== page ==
Hurricane Katrina slammed into the Gulf Coast region in late August, devastating communities in both Louisiana and Mississippi with both the initial impact and flooding due to storm surges. The plight of the thousands left stranded and homeless, the frustration and anger with FEMA and other relief efforts, and the shock of catastrophe are all well-documented in newspapers and newsmagazines. Relief shelters were set up in Louisiana and Mississippi and many other states, including Texas. In fact, Texas took in thousands of hurricane evacuees from Hurricane Katrina, and while Texas was coping with the enormity of the Katrina Relief effort, another hurricane slammed into the Texas Gulf Coast, sending Texans further inland while Hurricane Rita downed power lines and caused damage in coastal cities like Beaumont and Port Arthur.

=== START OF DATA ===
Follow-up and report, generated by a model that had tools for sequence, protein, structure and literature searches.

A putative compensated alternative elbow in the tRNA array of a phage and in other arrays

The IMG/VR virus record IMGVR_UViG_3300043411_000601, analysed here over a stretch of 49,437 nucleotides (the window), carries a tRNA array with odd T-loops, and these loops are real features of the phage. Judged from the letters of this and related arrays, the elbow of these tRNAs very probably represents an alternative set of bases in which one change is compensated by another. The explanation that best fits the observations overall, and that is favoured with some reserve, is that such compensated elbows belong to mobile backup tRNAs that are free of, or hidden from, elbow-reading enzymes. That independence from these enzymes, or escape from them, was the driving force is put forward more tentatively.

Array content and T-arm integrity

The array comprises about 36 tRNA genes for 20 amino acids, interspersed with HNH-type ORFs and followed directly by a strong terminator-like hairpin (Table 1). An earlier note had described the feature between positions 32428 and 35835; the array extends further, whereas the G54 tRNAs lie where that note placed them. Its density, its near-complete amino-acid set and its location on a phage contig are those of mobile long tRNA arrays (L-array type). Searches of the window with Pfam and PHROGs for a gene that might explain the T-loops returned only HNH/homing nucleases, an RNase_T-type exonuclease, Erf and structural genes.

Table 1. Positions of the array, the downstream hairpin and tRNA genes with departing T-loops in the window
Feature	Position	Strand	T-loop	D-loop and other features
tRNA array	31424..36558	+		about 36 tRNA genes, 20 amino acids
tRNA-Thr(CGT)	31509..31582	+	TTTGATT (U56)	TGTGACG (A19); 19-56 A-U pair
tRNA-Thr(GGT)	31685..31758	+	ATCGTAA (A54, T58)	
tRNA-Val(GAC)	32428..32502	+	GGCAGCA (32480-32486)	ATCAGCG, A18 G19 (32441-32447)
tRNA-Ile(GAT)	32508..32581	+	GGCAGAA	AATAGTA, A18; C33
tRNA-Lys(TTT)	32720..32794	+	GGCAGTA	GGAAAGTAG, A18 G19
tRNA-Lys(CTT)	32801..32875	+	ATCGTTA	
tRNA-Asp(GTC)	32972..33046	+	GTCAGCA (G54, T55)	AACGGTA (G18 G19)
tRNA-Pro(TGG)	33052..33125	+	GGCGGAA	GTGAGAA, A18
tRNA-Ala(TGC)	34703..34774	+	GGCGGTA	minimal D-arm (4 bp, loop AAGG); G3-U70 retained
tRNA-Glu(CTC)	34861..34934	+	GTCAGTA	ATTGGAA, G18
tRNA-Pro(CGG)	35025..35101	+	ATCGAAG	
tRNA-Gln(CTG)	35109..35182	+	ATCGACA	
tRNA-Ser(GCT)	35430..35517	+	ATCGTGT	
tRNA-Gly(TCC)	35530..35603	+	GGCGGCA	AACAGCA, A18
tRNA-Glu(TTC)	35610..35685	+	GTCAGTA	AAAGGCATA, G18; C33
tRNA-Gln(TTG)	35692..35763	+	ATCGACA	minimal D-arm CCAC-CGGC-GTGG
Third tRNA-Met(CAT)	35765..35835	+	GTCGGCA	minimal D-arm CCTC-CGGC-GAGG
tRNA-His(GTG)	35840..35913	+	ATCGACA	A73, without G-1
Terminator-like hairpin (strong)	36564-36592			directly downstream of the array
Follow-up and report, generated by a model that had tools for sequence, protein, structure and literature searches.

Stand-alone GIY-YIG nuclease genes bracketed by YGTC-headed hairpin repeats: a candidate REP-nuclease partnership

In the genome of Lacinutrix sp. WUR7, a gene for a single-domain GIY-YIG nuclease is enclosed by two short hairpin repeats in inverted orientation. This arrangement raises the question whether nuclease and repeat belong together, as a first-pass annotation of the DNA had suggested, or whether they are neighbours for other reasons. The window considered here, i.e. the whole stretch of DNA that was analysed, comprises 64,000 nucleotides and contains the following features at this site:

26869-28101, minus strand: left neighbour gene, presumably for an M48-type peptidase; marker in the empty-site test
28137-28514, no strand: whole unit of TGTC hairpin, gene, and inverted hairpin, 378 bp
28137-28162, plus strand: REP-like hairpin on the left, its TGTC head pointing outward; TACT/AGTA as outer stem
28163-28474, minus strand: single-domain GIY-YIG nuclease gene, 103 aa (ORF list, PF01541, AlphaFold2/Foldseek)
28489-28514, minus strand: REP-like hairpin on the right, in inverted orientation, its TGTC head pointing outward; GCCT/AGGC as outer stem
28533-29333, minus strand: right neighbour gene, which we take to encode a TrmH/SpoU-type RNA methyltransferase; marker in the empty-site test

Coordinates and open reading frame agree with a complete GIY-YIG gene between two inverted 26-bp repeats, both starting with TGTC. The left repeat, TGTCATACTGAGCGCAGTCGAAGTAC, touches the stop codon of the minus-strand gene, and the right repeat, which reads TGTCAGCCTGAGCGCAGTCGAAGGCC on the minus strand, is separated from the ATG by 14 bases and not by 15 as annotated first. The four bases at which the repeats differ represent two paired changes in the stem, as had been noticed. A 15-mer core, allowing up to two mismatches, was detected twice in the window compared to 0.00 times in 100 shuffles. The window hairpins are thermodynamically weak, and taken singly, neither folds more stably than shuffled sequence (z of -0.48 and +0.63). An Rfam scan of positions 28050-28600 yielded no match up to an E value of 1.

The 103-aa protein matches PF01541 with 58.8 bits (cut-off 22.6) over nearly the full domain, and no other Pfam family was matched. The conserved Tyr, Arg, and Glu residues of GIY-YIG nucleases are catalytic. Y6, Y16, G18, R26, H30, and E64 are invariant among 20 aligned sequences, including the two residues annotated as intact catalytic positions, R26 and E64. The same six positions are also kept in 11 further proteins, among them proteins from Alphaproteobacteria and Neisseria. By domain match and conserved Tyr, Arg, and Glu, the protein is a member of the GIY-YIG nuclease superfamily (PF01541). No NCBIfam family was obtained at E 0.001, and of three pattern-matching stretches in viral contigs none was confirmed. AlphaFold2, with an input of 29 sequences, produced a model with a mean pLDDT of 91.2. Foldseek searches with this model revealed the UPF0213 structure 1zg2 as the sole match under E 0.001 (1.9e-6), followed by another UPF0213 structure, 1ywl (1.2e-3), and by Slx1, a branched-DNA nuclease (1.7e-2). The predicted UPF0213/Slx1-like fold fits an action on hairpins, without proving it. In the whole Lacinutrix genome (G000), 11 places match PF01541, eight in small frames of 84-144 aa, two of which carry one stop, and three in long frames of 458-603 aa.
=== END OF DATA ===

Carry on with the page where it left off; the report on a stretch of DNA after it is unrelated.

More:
Texas took in over 230,000 evacuees in the first weeks of the crisis, concentrated in the Houston, San Antonio, and Dallas/Fort Worth/Arlington areas, as well as other cities across the state. In Houston, the Astrodome was temporary home to thousands of evacuees. Here in San Antonio, temporary shelters were created at several locations, including KellyUSA (a former military installation) and a closed Levi Strauss plant. In fact, the KellyUSA shelter is still home to people displaced by the hurricane. During the weeks immediately following the hurricanes, the San Antonio Express-News and local news channels were full of stories about the hurricane evacuees, hurricane volunteers, and community support. People all across San Antonio donated food, clothing, and money to the shelters, and many pitched in and volunteered at the shelters and churches, assisting with relief efforts. The outpouring of compassion and support was as overwhelming as the enormity of the disaster itself.